There are two types of police novels that can awaken my interest. One of them is the obscure category of “who-dun-its”. The other is the social-psychological detective novel.
The Swedish detective novels I know of, all are of the socio-psychological variety. In these, it´s not just a matter of finding out who killed who, and how. It´s also meant to dissect society and its effect on people on both sides of the law. More often than not, the murderer is shown to be a victim (“Hey, I’m depraved on account I’m deprived!“) of society whereas the juridical system is shown to be corrupt, bureaucratic and biased.
Since for most people Sweden is the symbol of a perfect social-democratic society, books like these have an inherent irony, much more so than similar novels from – for instance – the United States, which thanks to television and Hollywood we all perceive as a country full of ghetto´s, evil politicians and gun-toting psychopaths.
There is a new hotel in Barcelona. It´s beautifully placed, just at the side of the harbour and facing the sea. It´s beautifully curved, mirroring the slightly curved beachside. Its exterior is almost entirely made of glass, which both during the day as during the nighttime reflects the colour of the sky itself. Moreover, it´s build on a place that used to be a no-man´s land, full of litter that the sea had thrown up on the shore. It also has been cleverly placed just next to a nudist beach (mainly the homosexual one, the hetero one is a bit further away, although far be it for me to say that nudism and sexual preferences have anything to do with each other. Then again, beaches and sexual preferences might have), which promises a nice cultural cross-over between the “nouveau riche” and the “nue et heureuse“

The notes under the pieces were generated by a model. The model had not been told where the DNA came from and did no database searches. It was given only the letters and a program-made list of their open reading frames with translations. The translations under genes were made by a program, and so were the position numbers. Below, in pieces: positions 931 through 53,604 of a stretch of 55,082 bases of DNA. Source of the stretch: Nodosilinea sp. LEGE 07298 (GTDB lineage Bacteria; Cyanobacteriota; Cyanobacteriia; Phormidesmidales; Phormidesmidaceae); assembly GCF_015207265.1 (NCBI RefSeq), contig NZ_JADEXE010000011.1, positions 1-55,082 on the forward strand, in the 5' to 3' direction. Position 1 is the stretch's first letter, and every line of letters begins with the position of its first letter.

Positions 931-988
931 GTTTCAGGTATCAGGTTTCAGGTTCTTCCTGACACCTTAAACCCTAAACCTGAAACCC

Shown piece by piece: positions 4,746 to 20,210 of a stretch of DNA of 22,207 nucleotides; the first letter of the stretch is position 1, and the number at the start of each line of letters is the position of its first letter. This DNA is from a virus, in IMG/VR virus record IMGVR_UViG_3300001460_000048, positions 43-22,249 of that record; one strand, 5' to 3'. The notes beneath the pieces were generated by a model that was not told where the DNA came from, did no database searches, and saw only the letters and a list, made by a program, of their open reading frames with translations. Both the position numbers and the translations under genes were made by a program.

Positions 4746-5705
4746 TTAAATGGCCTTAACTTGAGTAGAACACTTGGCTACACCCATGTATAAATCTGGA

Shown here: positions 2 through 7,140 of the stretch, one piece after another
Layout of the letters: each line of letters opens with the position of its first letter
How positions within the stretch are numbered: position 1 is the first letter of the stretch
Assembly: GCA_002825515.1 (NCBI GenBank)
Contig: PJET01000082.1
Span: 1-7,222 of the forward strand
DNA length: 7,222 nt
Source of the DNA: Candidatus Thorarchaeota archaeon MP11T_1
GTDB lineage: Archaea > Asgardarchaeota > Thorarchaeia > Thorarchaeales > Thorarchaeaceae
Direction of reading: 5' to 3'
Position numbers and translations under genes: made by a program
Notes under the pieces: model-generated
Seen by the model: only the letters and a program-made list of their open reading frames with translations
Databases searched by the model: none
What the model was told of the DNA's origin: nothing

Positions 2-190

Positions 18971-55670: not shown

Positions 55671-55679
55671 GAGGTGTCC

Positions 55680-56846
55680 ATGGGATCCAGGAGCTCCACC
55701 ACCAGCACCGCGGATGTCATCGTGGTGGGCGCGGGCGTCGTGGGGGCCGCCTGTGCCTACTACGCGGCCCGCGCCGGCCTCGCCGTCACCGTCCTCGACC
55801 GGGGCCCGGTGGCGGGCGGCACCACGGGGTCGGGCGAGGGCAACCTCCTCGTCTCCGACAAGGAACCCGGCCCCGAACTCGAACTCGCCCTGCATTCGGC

I got the story out from Sean Kramer, who is the only one of them who´s still alive.
They had suffered a shipwreck in the Pacific and ended up on an island without any food. The first week they survived on the tins and cans from the ship that had floated on the island. Then nothing. They had a small fire, because one of them had a lighter which surprisingly still worked. They had the few clothes on their bodies. They had money, keys and other things which had meant something in a different world but here, on this naked island, were absolutely useless.
The following bit of information I got from an episode of QI, a quiz that is presented by Stephen Fry and specialises in useless but at the same time interesting facts. As an aside, it gets rid of quite a lot of common myths (for instance: it´s not true that dictators are general smaller than other people, champagne was not invented by the French but by the British, and the earth has not one but two moons).
In this particular episode, it is mentioned that once there was a guy that believed that snails who had mated were henceforth for ever telepathically connected. And so, he came up with the idea of a snail telegraph. Have a set of 26 snails in Paris and label each one of them with a letter of the alphabet. Send all their 26 ex-lovers to New York, and – again – identify each one of them with the same letter as their telepathic partner in Paris is associated with. Then spell out a word by wriggling the tails of those snails in Paris that make out the letters of that word. Their telepathic partners in New York would immediately receive their signal from their soul mates and hence wriggle their tails too. A reader in New York would then be able to figure out what the word is. In that way, one could send out messages from Paris to New York without losing time.